“I feel in general my solo work feels more true to who I am as an individual.” 7 Questions with Claire George

When I go to a music festival I always do my best to discover new music.  It’s one thing to go and hear your favorite bands but, unless you knew every act on a lineup, more than likely you’ll have gaps in your schedule.  What I’ll do is chat up some of the crowd or some of the local photographers and ask who’s a performer I should check out today?  It was Capitol Hill Block Party (CHBP) 2018.  Of the people I spoke to, many suggested I check out Claire George.  Prior to that CHBP performance, I had not heard of Claire, but after seeing her set I was mesmerized.  Her set was a mixture of great vocals interplayed with synths, fascinating lyrics, and danceable beats.  I was instantly a fan.  Recently, I reached out to Claire and had an opportunity to do a short interview.  Here’s my short interview with Claire George:

1.) The first time I saw you perform was at Capitol Hill Block Party 2018 as a solo artist, but through research it looks like you were the lead singer of an indie rock band called HEARTWATCH. Hearing your work as a solo artist and the music presented by HEARTWATCH, I’d say the two present very different music styles. Was it a challenge to transition to a solo artist, or was your solo work always something you had in mind and were hoping to get out?

It was definitely a challenge to create my solo work as I had never made music on my own, but I definitely feel it better represents my musical tastes and my life more. Learning how to produce electronic music on my own presented a lot of challenges for me but also felt the most rewarding because I put so much more of myself into making it. I felt pretty worried about the reception of the solo work after the band’s material, and there were definitely some fans who want me to make something less dark, but I feel in general my solo work feels more true to who I am as an individual.

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Capitol Hill Block Party 2018

2.) Your latest release, “Alone, Together” and it’s quasi remix “Alone, Together (Forever)” are fabulous both in composition and message. “Alone, Together” was described on your site as the different seasons in the lifecycle of a failed relationship. I personally love how the song ends with a sense of hopefulness. On the flipside, “Alone, Together (Forever)” carries some of those same feelings, but is more reminiscent of Robyn’s “Dancing on my Own” in that it’s very danceable but with a very relatable message. Would you mind speaking to the creation of both songs?

I wrote the first version as a piano ballad by myself, but when my friend Josh from Yumi Zouma saw me perform it live he asked if he could help me produce it out. When we got into the session the song took on a whole new light and I loved it so much that I wanted to share both versions with the world. I like that the version that I wrote solo feels pretty isolated and intimate and the version with Josh feels much more collaborative and dancey, something you want to listen to with another person.

3.) Regarding your 2018 EP, Bodies of Water, one song in particular that pulled my attention was Orbits where you have these poetic lyrics of what sounds like recognizing potential but you also mixed in references to the Voyager space program (which launched a literal Gold Record into space). When it comes to song writing do you approach each song with intention in that “with this song I hope to convey (blank)” or do you let each song flow into what they eventually become in that there’s no real plan, it comes together on the page? How would you describe your approach?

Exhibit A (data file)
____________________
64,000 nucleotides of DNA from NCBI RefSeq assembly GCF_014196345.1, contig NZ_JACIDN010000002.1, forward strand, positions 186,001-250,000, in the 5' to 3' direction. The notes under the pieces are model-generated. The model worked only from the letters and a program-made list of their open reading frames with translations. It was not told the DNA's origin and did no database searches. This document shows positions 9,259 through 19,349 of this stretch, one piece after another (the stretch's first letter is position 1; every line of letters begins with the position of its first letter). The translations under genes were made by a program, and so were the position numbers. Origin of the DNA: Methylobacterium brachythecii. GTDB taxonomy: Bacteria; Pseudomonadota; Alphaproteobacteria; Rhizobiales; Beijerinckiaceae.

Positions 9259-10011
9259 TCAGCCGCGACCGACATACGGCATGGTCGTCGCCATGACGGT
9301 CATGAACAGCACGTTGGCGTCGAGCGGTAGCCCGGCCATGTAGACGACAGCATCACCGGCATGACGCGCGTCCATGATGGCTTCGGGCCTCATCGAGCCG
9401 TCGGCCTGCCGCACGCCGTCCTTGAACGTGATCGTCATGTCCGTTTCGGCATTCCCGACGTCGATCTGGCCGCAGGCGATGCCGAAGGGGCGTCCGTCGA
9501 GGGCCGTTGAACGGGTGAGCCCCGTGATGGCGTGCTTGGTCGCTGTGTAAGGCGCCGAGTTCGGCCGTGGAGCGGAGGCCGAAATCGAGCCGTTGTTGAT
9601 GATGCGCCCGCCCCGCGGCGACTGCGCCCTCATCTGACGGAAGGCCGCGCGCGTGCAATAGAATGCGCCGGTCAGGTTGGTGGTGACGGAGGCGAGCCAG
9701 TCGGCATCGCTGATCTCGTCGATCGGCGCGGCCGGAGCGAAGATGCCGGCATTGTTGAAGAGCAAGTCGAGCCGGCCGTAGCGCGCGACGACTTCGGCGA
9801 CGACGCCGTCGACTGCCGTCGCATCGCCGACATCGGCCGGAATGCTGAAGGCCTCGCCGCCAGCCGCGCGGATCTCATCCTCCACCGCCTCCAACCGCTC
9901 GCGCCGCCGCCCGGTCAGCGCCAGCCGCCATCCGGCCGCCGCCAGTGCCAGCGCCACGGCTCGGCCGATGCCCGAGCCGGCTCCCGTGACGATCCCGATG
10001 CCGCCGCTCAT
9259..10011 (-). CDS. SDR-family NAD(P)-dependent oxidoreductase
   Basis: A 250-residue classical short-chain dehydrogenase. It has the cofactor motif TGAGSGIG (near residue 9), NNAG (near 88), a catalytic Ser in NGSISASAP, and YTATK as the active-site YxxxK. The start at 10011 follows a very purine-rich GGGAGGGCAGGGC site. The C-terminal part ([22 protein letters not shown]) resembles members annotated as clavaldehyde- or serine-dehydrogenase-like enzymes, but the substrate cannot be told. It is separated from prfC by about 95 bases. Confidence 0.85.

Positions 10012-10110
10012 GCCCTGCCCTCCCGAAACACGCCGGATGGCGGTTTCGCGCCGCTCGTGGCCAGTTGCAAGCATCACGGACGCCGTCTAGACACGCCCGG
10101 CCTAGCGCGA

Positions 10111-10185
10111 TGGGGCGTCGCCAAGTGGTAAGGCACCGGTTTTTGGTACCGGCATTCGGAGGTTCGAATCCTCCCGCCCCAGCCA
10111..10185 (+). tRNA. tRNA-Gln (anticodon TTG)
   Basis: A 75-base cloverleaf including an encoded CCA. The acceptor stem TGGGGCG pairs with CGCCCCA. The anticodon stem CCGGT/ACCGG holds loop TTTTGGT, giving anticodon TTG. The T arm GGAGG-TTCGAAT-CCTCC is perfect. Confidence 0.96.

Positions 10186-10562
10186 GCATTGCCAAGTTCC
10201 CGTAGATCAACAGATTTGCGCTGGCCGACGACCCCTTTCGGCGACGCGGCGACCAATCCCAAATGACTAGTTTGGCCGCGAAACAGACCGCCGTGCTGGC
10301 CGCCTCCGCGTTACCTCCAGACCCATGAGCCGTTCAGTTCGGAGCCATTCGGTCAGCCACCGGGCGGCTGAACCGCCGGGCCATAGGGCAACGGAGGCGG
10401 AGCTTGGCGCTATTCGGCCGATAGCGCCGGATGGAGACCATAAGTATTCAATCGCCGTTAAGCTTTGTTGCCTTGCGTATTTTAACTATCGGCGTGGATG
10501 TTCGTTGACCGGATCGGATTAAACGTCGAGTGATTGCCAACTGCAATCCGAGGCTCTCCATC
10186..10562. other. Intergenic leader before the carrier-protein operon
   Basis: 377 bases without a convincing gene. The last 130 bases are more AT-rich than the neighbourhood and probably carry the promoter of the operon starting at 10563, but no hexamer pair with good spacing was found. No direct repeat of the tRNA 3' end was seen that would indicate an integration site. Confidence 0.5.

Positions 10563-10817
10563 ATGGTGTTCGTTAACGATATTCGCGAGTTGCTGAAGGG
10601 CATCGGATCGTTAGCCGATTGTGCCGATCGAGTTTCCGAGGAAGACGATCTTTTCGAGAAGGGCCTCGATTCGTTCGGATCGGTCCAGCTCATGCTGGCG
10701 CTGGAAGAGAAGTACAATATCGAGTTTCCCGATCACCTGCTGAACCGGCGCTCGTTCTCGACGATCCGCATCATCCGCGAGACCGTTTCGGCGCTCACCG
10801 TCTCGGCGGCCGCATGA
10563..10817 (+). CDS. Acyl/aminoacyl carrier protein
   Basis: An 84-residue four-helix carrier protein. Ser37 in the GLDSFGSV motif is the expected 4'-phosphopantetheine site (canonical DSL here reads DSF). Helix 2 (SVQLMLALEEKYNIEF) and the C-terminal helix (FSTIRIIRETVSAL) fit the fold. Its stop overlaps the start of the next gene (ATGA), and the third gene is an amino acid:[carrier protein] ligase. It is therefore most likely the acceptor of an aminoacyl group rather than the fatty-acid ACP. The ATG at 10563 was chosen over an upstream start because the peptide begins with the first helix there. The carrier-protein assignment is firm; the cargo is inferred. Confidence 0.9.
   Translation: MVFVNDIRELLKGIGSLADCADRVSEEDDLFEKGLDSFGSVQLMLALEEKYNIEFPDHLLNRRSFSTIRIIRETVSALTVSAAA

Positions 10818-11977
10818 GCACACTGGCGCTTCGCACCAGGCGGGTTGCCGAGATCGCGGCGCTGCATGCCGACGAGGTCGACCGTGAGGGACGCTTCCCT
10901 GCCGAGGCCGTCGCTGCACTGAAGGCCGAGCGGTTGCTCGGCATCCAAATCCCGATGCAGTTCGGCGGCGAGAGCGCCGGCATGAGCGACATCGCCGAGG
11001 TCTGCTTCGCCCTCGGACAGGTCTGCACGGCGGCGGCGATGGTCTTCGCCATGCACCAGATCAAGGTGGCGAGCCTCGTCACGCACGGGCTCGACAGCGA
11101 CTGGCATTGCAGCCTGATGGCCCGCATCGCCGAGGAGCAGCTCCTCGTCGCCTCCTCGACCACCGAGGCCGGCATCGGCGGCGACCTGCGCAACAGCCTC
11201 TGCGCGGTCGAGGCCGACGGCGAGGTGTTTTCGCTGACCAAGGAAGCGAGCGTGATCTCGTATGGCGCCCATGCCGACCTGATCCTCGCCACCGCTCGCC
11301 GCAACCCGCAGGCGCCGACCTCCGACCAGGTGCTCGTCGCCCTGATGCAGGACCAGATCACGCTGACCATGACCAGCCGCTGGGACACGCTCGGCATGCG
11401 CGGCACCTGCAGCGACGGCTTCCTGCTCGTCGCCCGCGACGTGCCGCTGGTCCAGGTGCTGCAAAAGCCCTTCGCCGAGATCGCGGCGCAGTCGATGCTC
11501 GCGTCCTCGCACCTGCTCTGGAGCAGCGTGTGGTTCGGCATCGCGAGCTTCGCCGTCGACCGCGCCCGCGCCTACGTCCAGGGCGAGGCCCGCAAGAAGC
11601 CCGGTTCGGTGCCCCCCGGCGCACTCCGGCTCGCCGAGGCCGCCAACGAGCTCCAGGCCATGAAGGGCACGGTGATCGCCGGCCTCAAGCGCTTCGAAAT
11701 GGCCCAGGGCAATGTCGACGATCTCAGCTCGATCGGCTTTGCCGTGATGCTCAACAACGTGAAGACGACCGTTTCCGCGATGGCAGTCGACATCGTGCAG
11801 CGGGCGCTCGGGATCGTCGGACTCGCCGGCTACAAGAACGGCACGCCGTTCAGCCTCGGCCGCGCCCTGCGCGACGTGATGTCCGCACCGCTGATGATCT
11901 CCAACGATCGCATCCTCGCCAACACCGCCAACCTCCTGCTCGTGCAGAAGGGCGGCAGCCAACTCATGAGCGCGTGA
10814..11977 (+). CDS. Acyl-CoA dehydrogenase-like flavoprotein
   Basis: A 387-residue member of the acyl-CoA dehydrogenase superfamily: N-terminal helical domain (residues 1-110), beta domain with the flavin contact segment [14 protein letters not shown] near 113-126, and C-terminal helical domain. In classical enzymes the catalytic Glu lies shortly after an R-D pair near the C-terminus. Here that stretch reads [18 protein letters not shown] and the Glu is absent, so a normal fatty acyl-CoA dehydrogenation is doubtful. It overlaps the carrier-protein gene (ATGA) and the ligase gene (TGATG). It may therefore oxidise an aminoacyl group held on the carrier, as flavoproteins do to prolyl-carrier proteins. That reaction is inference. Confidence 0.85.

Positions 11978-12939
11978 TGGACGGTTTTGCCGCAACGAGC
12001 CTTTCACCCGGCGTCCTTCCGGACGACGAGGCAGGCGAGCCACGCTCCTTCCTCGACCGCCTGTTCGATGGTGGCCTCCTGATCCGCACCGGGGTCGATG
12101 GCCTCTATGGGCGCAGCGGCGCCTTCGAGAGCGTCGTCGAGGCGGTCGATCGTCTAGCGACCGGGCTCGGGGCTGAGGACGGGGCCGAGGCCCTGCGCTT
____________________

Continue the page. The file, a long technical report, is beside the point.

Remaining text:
I create both ways, sometimes with a general intention, sometimes with a phrase or idea in mind, and sometimes with a whole concept in place. Orbits came out with an intention for sure, and I knew I wanted to connect the romantic idea of the Golden Record into the song. A lot of my music comes from just sitting down and letting things spill out of me though. Sometimes when I try too hard to have a plan or intention behind it, it can feel forced, so I try to let things flow however they want once I sit down to write.

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Barboza, October 2019

Something I like to do to create a through-line for all the folks I interview is I ask the prior interview subject to provide 3 blind questions for the next interviewee with no knowledge as to who I would interview next. These next 3 questions were provided by my last interview subject Icelandic Singer Songwriter Asgeir. Asgeir asks: (Claire: Love this!)
4.) When you were young – What did you want to become when you grew up?
Mariah Carey, but my own version haha! I was obsessed with her. I wanted to be a pop star when I was little, but that got buried for a long time and the desire to be an artist only came bubbling back up for me after college.

5.) What was the best advice someone gave you?
Start now, you will never again be younger than you are today.

6.) How do you think popular music will sound in 50 years?
I think we will be even more integrated with technology and perhaps there will be machines assisting in creation of music but I don’t like to think that they will take over the process completely. Perhaps we will have machines that can tune into our emotions and feelings and adjust/create music that suits us. I think there will be even further development in electronic music but will get the hang of making things sound more natural. We will probably have even busier more distracting lives so the songs may be even shorter and to the point than they are today!